A woman found dead at a Spokane recycling plant earlier this month had been isolated for years, according to her family.
In the latter stages of her life, 79-year-old Stephanie Standen became secretive, said Katherine “Kitty” Pedersen, the wife of Standen’s first cousin. Exhibiting behavior consistent with mental illness – though never diagnosed – she was guarded, combative and a stranger to her family. She rarely kept contact with her two children. She was often homeless, living on social security or donations from others, and moved constantly.
Pedersen, her closest, and at times only, friend, who was also in charge of a trust fund in her name that ran dry three years ago, would go months without hearing from her. The last time they spoke was in mid-November, when Standen asked for a place to stay, as she’d done several times in the past.
“She’d want help, and then she wouldn’t accept it,” said Pedersen. “More than once in the last few years, people have tried to get her on medication, and find her a stable place to live. She wouldn’t take her meds, would get mad, and then take off again.”
On April 5, Standen was discovered by workers at the Spokane Materials and Recycling Technology Center on Geiger Road. She was naked and covered in injuries, and detectives immediately suspected foul play.
Their investigation led them to a home on the lower South Hill, directly behind Roosevelt Elementary School. There, they found evidence of homicide: bloodstains on the carpet, in the kitchen, on a shirt and on a recycling bin outside. A broken photo frame with glass missing. Cleaning supplies on the counter.
While a suspect has not been arrested or charged, detectives say Standen’s roommate – a man who neighbors said was from Missoula – may be connected to the death.
The man told police he and Standen weren’t close. And he said she went missing weeks ago, but thought he heard her in her bedroom three to four days before she was discovered dead. Neighbors said the man and Standen moved into the tiny brick home on West 14th Avenue around mid-November.
The news of her death hit Pedersen hard, she said. While it was normal to go long stretches of time without hearing from Standen, she never expected a phone call from the Spokane County Medical Examiner’s Office, asking if she knew anyone who could claim her remains.
“I guess I was the only contact number they could find,” she said.
Pedersen said the two weren’t close, but when it came to Standen, hers was the closest and longest-running relationship the woman had.
Standen was an only child, according to Pedersen and a background report. In 1961, while studying at the University of Montana, she married Richard Standen, from Calgary. The two stayed in Ronan, Montana – Richard working as a teacher, and Stephanie mostly staying at home.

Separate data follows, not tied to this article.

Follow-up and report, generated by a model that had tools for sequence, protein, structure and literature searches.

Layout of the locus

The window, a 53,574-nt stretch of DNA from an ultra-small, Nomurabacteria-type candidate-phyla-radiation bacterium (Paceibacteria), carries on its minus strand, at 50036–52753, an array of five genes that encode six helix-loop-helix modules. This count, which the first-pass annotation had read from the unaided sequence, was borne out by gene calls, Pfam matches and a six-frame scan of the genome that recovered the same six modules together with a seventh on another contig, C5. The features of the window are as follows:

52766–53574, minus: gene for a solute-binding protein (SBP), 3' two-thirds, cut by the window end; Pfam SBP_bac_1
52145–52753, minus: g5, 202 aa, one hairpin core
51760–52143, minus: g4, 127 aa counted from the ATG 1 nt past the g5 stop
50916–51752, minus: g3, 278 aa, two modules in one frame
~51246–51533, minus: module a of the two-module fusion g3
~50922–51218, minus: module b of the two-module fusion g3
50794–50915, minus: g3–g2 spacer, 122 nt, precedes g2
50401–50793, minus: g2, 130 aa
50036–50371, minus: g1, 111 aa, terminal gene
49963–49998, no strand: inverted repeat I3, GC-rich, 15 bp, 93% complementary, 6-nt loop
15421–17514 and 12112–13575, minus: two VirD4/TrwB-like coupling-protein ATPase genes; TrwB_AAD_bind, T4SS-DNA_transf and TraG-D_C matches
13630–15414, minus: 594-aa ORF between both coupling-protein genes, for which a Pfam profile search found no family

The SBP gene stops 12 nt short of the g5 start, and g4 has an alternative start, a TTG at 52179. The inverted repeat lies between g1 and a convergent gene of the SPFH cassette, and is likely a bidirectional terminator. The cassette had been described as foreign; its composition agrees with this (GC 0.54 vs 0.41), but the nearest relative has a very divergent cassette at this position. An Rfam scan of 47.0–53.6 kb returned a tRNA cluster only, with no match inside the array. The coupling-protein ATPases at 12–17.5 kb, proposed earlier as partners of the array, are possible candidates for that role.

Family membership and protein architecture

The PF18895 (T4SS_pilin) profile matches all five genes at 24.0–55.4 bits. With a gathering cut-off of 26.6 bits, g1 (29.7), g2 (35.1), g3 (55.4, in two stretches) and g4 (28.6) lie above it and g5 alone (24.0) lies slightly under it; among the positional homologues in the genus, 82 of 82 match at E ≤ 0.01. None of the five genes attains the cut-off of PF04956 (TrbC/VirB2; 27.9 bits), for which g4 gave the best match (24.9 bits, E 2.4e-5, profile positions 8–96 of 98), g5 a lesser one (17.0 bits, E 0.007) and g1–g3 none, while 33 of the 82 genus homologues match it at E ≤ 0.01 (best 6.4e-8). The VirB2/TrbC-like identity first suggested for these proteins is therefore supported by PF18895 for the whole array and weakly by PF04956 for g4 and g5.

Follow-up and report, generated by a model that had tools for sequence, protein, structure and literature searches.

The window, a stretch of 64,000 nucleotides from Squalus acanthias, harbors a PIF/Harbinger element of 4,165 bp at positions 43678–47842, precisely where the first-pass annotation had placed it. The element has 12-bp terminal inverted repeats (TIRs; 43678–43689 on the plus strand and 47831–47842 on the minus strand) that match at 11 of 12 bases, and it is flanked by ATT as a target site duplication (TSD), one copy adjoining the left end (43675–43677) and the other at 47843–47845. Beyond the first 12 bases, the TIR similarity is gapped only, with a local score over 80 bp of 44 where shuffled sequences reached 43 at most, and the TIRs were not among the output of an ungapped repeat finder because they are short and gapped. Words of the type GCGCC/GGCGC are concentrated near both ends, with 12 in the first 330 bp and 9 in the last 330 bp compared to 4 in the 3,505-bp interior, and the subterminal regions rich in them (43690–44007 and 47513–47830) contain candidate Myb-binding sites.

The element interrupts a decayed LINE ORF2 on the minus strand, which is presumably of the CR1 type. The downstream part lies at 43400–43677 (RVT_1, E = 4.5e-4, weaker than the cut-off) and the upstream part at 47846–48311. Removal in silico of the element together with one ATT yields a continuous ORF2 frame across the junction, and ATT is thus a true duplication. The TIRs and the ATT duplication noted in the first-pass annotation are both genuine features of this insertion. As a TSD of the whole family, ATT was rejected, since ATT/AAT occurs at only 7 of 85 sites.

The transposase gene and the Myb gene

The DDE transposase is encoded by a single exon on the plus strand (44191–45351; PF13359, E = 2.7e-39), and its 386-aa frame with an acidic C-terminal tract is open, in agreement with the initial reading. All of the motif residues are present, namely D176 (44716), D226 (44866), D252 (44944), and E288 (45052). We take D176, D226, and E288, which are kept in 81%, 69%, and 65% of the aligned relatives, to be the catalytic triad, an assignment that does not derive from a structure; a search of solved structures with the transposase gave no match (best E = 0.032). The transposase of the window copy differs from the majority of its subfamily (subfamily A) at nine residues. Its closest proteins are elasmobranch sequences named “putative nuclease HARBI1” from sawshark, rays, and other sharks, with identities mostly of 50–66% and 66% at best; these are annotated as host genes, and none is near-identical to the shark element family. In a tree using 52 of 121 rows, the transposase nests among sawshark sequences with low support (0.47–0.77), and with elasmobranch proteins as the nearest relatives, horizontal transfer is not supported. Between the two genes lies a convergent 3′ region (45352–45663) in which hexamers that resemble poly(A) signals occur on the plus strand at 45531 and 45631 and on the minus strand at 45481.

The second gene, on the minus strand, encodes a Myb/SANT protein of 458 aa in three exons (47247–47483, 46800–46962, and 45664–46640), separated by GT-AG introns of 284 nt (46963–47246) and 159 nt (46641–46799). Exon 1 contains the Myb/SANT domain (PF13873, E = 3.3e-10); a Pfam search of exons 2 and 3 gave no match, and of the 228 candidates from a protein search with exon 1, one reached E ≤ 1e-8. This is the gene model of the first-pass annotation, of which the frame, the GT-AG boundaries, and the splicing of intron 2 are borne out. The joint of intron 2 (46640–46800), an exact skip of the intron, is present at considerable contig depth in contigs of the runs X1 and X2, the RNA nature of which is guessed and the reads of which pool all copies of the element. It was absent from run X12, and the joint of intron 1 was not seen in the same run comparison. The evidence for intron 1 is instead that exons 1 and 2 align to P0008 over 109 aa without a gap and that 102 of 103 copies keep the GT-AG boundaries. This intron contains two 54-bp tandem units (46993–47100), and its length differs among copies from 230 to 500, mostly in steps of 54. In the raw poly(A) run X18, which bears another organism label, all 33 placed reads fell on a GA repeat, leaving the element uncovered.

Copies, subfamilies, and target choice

The couple had two children, a son who lives in California, and a daughter who lives in the eastern United States.
In 1987, the two divorced. Richard Standen moved back to Canada. Stephanie Standen moved to Minneapolis.
It was at that time, Pedersen said, that Standen started taking a turn for the worse. Pedersen believes Standen had undiagnosed mental health issues, including possibly schizophrenia. She said she despised taking medication, and due to her condition was often combative, which took a toll on many of her relationships.
Pedersen, 78, said Standen became more and more distant until she was eventually estranged from her entire family.
In 1998, Standen’s mother died. She left her daughter a trust fund, which Pedersen administered. As a result she would hear from Standen more often than other family members, mostly whenever she needed money.
Three years ago, that money ran out, and Standen was evicted from her apartment in St. Paul.
“Then she started traveling around the country by bus,” Pedersen said.
She spent most of her time around Montana, but visited Spokane from time to time. Pedersen said she had been placed on a 24-hour hold at Providence Sacred Heart Medical Center and was committed to Eastern State Hospital.
In October, Pedersen said Standen was staying at a homeless shelter in Missoula, but got kicked out. Someone paid for her to stay in a motel room for a night, but the next day she was back on a bus to Kalispell. Then on Nov. 12, she was back in Missoula.
“I worried about her all winter,” Pedersen said. “It was so cold. I had no idea where she was. I just hoped she wasn’t out on the streets somewhere.”
When they talked in November, it was the last Pedersen heard from her. She said she was shocked to learn Standen was living with a roommate before her death.
“In all the times talking to her over the years, she never ever lived with anybody,” she said. “She was always alone.”
But she always had her dog, a blind poodle. And she had a fun side. A side nobody really knew, even those she was closest with.
“She liked to bowl,” Pedersen said, referencing an old bowling tournament Standen won decades ago. Pedersen learned of the victory only recently, while Googling Standen’s name.
“She didn’t talk much,” she said. “It’s very sad.”
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